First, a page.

We get wrapped up in the sensations of texting that we lose touch with the real world that lays in front of us. We lose the raw emotions that give us those warm feelings that confirm that he’s into you. Because we can’t hear their voice or see their facial expressions, we become blind to the emotional aspects. Nonverbal cues are nonexistent to us via text. We receive a message with no exclamation and jump to the conclusion that he’s just not that into you because he didn’t seem too enthusiastic in that last text.


Deciphering texts is a science that is near to impossible to master. If I don’t put lol at the end of that text, will I come off as cold and uninterested? Heyyyyy or hey? The mixed signals are ever present with texting and become even more complicated when emoticons are factored in. Smiley or no smiley!? Should I put a winky face? Wait, would that come off as creepy? The list of confusing innuendos that couple with texting complicate the beginnings of relationships and fog our minds with worries of if we are communicating in the right fashion.


We feel as though our world is crumbling around us when he doesn’t immediately text back and battle with whether we should send a second text just in case something was wrong with the first. But we don’t want to seem too eager, do we? So we erase it all and abort our consecutive texting spree that was about to ensue. It is quite obvious that texting sometimes causes us to neglect the rational thinking that he might just be busy with life!

The texting phase has warped dating for all millennials. It has birthed the infamous booty call, covered the dangerous territory of the drunk text, and rolled its dice in the mind games we call dating. Texting has presented us with a challenge and obscured our minds with too many lol’s, jk’s, and ;). We need to cut back the time we spend rewording sentences, decoding hidden feelings, and fixating on every second you don’t receive a text back, and instead revert back to a time where these problems were not a make or break part of dating. Because if we are truly honest with ourselves, do we really want texting to be the new love letter?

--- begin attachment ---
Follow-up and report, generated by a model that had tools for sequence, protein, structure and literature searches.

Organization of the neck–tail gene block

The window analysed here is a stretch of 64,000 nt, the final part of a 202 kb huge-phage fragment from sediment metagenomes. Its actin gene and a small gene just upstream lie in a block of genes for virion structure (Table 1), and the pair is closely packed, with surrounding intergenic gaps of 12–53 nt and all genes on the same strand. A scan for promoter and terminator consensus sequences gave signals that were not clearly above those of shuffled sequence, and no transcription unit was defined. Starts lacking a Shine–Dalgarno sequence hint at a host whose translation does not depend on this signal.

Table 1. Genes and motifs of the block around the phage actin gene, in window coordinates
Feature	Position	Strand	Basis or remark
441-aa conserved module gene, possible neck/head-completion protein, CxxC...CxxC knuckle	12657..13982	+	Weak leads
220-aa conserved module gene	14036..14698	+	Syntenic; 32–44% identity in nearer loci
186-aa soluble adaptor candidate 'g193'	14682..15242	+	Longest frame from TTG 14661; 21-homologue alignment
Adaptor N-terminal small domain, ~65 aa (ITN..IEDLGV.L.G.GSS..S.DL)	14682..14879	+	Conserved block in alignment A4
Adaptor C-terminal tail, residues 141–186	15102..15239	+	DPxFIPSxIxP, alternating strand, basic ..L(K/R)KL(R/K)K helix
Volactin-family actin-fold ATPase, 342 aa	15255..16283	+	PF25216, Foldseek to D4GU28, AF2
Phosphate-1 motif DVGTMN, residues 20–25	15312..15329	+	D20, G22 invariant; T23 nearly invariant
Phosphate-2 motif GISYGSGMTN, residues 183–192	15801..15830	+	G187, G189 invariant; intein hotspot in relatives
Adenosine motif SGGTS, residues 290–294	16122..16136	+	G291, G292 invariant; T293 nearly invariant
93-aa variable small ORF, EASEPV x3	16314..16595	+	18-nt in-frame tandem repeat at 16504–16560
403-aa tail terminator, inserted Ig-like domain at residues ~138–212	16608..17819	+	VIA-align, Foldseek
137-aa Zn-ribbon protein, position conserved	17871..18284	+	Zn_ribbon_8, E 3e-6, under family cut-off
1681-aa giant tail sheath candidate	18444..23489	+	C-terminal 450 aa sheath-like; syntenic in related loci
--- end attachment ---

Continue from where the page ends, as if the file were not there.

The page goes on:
Photo credit:






Alex Hagg is a 21 year old senior at the College of Charleston. She is a Communication major working towards a future in fashion. With the dream of becoming the next Rachel Zoe/Carrie Bradshaw, Alex hopes to one day hold a career as a stylist and writer for a fashion magazine. Currently she is a blog intern at Southern Protocol Boutique. In Alex's spare time she enjoys shopping, relaxing on the beach, and watching movies.
Originally from West Virginia, Tori Williams is a senior at the College of Charleston in South Carolina majoring in Communication, and minoring in International Studies and Dance. Tori is currently the editor-in-chief and a featured writer for the Her Campus CofC chapter, as well as an editorial intern with Charleston Magazine. She also dances with Dance FX Charleston's performance company and through the College of Charleston. When she's not busy, Tori loves to read, run, and do hot yoga. She hopes to someday be an editor and writer for a big time magazine.